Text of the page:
10 Responsibility Great Ways to Teach Children United Independent School District

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United Independent School District
Laredo, Texas
Great Ways to Teach Children
One of a series of Parent Guides from
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Parent Guide
10 Great Ways to Teach Children
The Parent Institute
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Publisher: John H. Wherry, Ed.D. Executive Editor: Jeff Peters. Writer: Carol Bruce. Senior Editor: Betsie
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Copyright © 2004 by The Parent Institute®, a division of NIS, Inc. reproduction rights
exclusively for:
United Independent School District
Laredo, Texas
Order number: x02547349
Table of Contents
Introduction . . . . . . . . . . . . . . . . . . . . . . . . . . . . . . . . . . . . . . . . . . . . . . . . . . . . . . . . . . . . . .2
1. Set the example—and the standard—for responsible behavior . . . . . . . . . . . . . . . . . . . . . .2
2. Assign responsibility gradually . . . . . . . . . . . . . . . . . . . . . . . . . . . . . . . . . . . . . . . . . . . . . .2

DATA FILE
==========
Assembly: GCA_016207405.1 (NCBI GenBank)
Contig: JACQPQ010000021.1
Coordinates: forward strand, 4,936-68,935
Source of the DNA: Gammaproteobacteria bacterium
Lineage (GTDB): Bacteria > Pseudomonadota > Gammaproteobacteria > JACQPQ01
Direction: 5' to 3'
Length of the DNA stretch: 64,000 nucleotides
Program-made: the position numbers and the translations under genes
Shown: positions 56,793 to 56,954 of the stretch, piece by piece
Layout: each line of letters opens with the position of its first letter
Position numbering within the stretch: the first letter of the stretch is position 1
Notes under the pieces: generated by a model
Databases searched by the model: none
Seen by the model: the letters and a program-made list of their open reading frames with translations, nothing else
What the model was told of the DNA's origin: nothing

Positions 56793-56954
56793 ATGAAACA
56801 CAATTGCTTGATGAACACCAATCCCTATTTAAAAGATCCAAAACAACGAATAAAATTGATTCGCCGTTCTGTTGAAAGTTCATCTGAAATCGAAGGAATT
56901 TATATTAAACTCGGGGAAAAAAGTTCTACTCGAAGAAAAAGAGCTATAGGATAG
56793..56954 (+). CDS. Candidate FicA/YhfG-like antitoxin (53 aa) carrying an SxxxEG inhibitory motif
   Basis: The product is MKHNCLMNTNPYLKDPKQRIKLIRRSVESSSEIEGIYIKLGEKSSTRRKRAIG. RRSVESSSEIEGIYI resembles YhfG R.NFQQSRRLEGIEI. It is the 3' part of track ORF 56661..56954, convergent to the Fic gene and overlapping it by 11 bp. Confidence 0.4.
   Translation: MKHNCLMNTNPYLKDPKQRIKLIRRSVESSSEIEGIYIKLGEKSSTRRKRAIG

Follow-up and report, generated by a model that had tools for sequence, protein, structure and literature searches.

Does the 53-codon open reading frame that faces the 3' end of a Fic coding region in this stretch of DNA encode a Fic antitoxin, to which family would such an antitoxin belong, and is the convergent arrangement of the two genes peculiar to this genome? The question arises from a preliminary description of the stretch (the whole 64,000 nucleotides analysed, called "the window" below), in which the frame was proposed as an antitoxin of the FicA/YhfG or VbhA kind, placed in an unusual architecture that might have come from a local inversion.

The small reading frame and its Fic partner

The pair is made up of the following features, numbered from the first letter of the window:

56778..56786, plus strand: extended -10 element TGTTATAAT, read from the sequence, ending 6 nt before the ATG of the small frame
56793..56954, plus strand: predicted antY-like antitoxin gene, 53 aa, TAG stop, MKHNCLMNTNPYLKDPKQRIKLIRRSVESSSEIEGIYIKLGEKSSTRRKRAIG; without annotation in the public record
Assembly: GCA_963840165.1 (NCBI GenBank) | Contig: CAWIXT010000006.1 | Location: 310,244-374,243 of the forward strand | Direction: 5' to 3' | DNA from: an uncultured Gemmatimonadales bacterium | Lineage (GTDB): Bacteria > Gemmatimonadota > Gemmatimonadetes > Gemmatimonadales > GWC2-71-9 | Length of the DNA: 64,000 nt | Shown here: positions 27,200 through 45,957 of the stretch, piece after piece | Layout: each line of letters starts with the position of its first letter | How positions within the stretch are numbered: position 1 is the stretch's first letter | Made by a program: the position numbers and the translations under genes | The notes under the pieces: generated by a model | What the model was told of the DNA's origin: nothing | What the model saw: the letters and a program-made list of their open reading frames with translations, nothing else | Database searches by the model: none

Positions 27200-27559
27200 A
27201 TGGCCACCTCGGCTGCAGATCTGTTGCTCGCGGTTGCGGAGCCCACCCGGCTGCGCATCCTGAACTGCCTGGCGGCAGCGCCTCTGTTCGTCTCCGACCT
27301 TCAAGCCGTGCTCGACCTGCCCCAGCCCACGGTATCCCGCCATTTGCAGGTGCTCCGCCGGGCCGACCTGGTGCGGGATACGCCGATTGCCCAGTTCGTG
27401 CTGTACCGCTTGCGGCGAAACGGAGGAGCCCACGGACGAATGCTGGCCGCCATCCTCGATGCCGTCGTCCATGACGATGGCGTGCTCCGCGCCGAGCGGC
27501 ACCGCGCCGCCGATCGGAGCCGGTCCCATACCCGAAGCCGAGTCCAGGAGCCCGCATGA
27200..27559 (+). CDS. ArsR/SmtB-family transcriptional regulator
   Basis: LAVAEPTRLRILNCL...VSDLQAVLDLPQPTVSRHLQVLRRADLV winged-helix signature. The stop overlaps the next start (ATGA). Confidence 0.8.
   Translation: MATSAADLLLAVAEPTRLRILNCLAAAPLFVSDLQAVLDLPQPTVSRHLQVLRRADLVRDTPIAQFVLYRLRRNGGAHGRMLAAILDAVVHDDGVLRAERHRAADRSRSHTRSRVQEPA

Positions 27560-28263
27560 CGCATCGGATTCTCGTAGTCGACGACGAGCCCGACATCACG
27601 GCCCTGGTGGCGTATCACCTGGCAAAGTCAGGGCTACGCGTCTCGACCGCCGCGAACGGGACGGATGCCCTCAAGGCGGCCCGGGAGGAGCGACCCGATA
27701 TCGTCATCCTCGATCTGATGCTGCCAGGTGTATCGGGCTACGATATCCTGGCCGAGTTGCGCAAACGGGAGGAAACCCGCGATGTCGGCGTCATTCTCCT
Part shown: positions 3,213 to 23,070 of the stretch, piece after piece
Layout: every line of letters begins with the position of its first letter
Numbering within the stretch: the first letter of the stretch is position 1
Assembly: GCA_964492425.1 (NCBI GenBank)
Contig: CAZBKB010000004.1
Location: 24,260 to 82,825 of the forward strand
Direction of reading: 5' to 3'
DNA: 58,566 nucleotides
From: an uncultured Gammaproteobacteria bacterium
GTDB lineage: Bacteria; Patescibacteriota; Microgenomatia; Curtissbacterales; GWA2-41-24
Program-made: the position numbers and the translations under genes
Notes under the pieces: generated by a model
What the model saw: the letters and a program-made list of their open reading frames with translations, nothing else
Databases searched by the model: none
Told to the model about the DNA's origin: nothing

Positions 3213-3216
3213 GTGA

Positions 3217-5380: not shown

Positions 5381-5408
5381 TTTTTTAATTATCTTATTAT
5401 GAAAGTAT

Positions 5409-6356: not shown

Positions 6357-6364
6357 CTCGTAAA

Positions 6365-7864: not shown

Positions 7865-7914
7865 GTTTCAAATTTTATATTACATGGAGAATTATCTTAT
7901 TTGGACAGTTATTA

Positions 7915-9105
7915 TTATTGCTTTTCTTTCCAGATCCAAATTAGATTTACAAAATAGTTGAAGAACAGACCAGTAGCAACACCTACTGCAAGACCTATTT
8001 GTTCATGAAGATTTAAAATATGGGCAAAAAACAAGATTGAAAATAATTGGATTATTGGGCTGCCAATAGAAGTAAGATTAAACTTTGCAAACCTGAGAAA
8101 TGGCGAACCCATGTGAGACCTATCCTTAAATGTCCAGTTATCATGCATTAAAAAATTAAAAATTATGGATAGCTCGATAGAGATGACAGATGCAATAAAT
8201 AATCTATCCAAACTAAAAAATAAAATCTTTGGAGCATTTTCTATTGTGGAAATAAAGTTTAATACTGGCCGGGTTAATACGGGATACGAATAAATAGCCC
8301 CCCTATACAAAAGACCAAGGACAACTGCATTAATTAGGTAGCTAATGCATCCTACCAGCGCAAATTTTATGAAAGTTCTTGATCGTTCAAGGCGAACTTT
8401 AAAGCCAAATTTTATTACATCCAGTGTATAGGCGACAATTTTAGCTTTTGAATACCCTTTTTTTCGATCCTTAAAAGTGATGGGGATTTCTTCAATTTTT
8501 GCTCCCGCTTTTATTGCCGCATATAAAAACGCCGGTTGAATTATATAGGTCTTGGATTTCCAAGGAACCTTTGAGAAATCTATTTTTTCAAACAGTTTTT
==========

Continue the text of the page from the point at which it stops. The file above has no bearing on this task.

3. Give your child responsibility . . . . . . . . . . . . . . . . . . . . . . . . . . . . . . . . . . . . . . . . . . . . . . .3
4. Teach your child about choices ... and consequences . . . . . . . . . . . . . . . . . . . . . . . . . . . . .3
5. Praise responsibility . . . . . . . . . . . . . . . . . . . . . . . . . . . . . . . . . . . . . . . . . . . . . . . . . . . . . .4
6. Make it easy to remember ... but don’t make it easy to forget . . . . . . . . . . . . . . . . . . . . . . .4
7. Use natural and logical consequences . . . . . . . . . . . . . . . . . . . . . . . . . . . . . . . . . . . . . . . .5
8. Help your child plan ahead . . . . . . . . . . . . . . . . . . . . . . . . . . . . . . . . . . . . . . . . . . . . . . . . .5
9. Be firm and consistent . . . . . . . . . . . . . . . . . . . . . . . . . . . . . . . . . . . . . . . . . . . . . . . . . . . .6
10. Avoid the ‘overindulgent parent’ trap . . . . . . . . . . . . . . . . . . . . . . . . . . . . . . . . . . . . . . . .6
For more information . . . . . . . . . . . . . . . . . . . . . . . . . . . . . . . . . . . . . . . . . . . . . . . . . . . . . . .7
Other Parent Guides Available From The Parent Institute . . . . . . . . . . . . . . . . . . . . . . . . . . . .8
A child who understands and accepts responsibility will do
better in school and in life, and home is the very
best place to learn it. This Parent Guide looks at
willingness to accept responsibility
10 of the very best things parents can do to
for one’s own life is the source from which
build this vital trait.
self-respect springs.”
—Joan Didion